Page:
"The worst part of holding the memories is not the pain. It's the loneliness of it. Memories need to be shared." — Review of The Giver by Lois Lowry
"The worst part of holding the memories is not the pain. It's the loneliness of it. Memories need to be shared." — Lois Lowry (The Giver)
I am surprised that I did not like this book, especially after all the 4 and 5 star reviews. This being the first dystopian type of book read I tried to keep an open mind and see the bigger picture. However, the more I read the more I wanted to put the book down. Do not get me wrong, I understand the point of the book; however, I believe it was poorly written and the plot was just boring. I am sure others feel different.
The interesting part of The Giver was the way that the people lived. I wont get too deep into that, I'll let you discover that yourself if you decide to read the book. While reading, many questions passed my mind. I expected that at least some of them would be answered by the end of the book. Unfortunately, not many questions were answered and it left me with a feeling that I wasted my time. That is the worst feeling when reading a book.
Some of biggest problems with this book are that human nature seems to be taken away. We as humans have certain characteristics that make us who we are. Included in these characteristics are thinking, acting, and feeling emotions. These characteristics seem to be taken away from the characters in The Giver. How? That is never made clear.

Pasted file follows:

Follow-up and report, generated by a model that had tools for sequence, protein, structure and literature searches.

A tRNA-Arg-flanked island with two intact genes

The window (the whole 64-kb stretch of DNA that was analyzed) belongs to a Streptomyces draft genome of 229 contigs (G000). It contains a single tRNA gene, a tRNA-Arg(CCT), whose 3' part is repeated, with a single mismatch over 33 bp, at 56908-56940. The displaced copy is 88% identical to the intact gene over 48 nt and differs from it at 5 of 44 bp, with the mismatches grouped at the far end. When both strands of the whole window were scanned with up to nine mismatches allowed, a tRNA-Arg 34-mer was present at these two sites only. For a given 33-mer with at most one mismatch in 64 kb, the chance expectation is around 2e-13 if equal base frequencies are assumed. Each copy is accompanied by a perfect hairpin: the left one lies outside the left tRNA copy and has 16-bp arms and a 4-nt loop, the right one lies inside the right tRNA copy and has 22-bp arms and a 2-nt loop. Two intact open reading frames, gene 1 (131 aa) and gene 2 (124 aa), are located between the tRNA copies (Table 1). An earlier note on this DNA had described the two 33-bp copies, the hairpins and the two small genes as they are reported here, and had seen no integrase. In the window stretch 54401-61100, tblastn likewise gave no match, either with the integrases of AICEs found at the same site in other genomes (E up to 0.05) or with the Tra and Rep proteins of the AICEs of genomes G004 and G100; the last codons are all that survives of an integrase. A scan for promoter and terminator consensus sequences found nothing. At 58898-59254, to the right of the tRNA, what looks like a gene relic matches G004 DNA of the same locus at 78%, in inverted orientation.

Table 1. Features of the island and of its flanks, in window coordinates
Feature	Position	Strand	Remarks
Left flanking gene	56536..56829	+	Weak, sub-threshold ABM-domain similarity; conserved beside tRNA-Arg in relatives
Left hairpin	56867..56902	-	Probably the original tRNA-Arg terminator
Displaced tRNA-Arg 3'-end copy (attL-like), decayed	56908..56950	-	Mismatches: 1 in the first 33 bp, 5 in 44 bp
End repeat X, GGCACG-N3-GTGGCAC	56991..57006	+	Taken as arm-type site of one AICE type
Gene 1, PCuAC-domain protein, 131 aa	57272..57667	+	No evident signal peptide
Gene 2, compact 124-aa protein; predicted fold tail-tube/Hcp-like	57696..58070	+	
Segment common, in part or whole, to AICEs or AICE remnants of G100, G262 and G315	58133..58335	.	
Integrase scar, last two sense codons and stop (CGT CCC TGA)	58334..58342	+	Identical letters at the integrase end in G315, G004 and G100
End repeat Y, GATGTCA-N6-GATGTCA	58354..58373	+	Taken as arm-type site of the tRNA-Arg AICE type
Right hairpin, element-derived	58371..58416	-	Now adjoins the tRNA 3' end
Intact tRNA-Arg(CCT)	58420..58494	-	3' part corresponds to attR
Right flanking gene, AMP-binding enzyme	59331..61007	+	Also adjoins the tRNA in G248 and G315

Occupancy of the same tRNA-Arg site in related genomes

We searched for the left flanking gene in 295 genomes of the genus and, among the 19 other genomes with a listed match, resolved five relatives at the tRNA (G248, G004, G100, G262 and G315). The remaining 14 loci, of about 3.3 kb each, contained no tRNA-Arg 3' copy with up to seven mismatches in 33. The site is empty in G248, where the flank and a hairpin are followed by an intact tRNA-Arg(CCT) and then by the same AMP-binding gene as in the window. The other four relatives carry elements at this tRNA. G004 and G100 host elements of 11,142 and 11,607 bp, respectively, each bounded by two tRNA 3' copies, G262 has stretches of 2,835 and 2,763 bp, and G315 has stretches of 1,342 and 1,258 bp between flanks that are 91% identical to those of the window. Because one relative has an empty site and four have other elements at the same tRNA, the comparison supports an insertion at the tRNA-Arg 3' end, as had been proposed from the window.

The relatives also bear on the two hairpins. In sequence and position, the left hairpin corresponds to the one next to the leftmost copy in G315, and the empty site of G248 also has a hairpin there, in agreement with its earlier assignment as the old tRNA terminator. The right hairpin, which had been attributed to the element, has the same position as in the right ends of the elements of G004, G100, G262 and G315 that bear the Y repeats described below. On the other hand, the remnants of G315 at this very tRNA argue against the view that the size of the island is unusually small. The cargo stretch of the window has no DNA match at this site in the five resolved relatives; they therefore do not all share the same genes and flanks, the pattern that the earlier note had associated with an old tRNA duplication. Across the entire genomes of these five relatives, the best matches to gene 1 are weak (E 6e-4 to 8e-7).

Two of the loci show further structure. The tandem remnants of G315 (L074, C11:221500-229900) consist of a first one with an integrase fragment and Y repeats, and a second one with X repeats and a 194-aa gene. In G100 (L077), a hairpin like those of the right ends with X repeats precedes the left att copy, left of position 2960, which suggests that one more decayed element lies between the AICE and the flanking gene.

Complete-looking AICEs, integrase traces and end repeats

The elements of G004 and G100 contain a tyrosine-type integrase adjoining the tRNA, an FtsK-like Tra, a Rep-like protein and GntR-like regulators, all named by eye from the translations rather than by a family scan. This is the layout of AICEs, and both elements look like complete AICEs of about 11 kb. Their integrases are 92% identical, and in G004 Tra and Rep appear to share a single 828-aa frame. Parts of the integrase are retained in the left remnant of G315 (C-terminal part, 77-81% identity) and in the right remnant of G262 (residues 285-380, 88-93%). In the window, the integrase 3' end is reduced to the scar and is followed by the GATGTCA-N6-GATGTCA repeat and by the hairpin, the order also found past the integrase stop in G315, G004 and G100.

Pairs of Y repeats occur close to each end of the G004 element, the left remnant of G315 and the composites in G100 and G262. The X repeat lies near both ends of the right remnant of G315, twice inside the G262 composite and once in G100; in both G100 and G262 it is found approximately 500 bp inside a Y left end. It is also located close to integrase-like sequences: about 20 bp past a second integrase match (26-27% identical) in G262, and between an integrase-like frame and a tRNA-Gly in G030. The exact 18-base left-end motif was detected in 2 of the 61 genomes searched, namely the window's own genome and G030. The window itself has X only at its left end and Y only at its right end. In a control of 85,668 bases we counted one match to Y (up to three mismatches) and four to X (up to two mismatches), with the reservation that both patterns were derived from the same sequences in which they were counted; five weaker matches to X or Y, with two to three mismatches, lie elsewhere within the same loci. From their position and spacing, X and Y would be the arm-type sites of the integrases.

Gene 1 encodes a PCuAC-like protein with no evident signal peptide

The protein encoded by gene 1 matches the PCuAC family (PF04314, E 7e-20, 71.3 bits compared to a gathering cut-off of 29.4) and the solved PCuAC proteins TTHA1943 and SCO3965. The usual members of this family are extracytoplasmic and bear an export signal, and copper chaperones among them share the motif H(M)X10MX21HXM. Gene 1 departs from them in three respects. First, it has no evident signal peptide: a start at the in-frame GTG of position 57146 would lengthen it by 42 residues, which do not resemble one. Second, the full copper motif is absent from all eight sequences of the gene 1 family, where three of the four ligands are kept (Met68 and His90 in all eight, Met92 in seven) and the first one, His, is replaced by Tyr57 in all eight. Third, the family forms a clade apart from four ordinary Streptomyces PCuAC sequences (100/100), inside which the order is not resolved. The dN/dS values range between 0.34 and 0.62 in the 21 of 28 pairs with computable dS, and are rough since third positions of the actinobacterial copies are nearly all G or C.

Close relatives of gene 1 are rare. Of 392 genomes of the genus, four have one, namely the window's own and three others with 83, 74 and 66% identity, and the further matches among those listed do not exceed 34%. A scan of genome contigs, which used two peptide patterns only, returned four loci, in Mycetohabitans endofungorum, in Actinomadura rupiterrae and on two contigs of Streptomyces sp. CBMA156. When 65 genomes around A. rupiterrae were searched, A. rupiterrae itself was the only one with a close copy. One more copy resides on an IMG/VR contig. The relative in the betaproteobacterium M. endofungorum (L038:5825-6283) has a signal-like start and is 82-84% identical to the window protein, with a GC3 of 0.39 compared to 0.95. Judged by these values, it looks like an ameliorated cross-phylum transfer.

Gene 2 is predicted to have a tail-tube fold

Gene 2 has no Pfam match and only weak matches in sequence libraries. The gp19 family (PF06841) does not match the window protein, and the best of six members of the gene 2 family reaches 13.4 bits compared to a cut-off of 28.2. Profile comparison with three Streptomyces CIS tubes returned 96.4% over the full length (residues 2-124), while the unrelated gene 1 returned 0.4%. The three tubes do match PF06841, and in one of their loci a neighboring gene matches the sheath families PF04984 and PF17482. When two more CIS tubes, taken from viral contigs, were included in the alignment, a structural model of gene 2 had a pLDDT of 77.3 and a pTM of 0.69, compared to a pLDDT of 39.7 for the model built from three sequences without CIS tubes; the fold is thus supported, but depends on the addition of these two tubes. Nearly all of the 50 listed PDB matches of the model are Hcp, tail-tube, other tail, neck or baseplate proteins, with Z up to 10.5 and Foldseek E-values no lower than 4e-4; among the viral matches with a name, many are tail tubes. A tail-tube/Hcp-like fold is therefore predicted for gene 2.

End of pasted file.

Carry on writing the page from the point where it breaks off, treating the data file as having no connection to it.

The characters in this book are somewhat well developed. Each character has a unique style and personality, even in their situation. Some characters seem too robotic and mechanical. However, the author might have purposely created his characters that way to add to the overall story.
The plot tells a good story about a society in a completely controlled state for the so-called better of the overall civilization. However, the book is full with so many holes and questions that the book feels incomplete.
The setting of the book is tolerable, especially for a book like this. Things do not seem to be what they really are, which keeps the reader entertained enough to continue reading to see what is real and what is not.
The book is short enough to read in one weekend. It flows pretty well, however the ending seemed to drag, pulling the reader along.